Everyone matters equally…
the interests of each .. are a concern for all of us
Harm suffered by every person matters…’
All undeniably laudable aspirations and statements but how are these fulfilled in practice in an emergency, resource constrained environment?
The Guidance describes the principles of Respect, Fairness, Minimising Harm, Working Together, Flexibility and Reciprocity, but again one is left asking what it means to state that
‘Patients should be treated as individuals, and not discriminated against.’
Perhaps more challenging is the statement:
‘No active steps should be taken to shorten or end the life of an individual, however the appropriate clinical decision may be to withdraw life prolonging or life sustaining treatment or change management to deliver end of life care.’
Thirdly the use of certain phrases beg more questions than they deliver answers:
‘Where there are resource constraints, patients should receive the best care possible, while recognising that there may be a competing obligation to the wider population.’
‘Under normal circumstances, these decisions would be made of the basis of patient choice and anticipated clinical benefit to the patient. In the context of increased demand, it may also be important to consider fairness of healthcare distribution within the wider population.’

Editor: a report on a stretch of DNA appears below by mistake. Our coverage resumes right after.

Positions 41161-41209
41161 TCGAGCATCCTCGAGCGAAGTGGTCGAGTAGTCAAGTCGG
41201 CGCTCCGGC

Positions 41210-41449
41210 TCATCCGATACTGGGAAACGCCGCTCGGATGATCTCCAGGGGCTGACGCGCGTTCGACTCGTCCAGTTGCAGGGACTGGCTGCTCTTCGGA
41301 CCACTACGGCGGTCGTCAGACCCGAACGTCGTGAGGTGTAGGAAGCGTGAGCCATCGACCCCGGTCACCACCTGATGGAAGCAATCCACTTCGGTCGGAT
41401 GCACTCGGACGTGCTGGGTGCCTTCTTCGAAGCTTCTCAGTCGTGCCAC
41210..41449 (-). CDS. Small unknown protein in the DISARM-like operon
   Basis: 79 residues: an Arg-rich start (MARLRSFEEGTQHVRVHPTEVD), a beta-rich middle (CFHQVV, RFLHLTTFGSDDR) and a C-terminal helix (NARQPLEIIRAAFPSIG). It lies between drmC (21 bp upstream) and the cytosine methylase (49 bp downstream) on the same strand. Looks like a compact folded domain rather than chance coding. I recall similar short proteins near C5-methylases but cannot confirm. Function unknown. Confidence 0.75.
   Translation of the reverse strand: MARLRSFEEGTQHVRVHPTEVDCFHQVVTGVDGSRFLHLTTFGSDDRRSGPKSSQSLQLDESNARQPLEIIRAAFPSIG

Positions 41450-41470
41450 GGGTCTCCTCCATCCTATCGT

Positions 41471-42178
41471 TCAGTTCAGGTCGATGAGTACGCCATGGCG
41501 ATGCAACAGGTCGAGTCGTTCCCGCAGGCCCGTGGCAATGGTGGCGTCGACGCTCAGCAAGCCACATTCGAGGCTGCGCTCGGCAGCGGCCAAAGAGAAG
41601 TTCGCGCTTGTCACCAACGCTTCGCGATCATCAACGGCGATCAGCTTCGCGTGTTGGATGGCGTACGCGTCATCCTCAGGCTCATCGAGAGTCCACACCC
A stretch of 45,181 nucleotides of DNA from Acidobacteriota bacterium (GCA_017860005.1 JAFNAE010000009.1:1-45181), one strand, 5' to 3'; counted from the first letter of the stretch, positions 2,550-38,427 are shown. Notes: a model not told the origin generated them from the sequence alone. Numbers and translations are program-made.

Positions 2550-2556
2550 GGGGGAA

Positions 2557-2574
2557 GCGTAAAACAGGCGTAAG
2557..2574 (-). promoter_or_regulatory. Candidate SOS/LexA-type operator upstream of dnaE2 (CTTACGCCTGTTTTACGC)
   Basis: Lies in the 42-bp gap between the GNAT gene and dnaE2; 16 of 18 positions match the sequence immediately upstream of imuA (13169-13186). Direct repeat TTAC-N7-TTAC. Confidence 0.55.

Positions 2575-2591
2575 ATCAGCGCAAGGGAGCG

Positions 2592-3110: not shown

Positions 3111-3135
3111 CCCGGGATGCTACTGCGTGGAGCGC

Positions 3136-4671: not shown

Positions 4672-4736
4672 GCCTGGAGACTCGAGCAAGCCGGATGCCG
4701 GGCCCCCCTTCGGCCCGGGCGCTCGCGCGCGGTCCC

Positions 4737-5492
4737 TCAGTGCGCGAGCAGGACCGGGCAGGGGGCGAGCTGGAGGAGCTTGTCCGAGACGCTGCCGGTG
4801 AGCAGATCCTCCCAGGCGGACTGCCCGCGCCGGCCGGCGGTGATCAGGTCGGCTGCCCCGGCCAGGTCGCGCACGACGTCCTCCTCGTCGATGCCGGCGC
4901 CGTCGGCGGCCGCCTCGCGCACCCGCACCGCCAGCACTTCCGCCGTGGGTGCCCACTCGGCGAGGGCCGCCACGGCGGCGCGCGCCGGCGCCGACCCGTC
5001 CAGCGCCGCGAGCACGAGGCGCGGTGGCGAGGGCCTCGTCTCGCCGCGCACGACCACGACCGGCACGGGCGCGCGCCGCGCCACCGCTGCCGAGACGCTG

What in this context is meant by the ‘competing obligation of the wider population’? If we are to supplant patient choice and anticipated benefit for an individual what does ‘fairness of healthcare distribution’ actually mean not just at a theoretical level but in raw reality for individual citizens? Care is to be rationed- I can understand – but ethically what does the needs of the majority mean for the care of the vulnerable minority?
Fourthly, I am really concerned that issues of equality and human rights are mentioned explicitly only in two footnotes. I have stated before that Scotland should be rightly proud of its articulate defence of the human rights which have framed both our legal and parliamentary process, not least since Devolution. To present a document which articulates some of the most challenging ethical choices of our generation, perhaps of any time since the Second World War, and to have that devoid of a robust human rights articulation is wholly inadequate. How are we going to make an ethical decision which upholds the right to life and the right not to be subject to inhumane and degrading treatment? How is the State going to fulfil its duties to the Human Rights Act or the European Convention of Human Rights? I see no robust articulation of this within this document. If human rights are to be more than rhetoric in easy times they have to be real in hard times.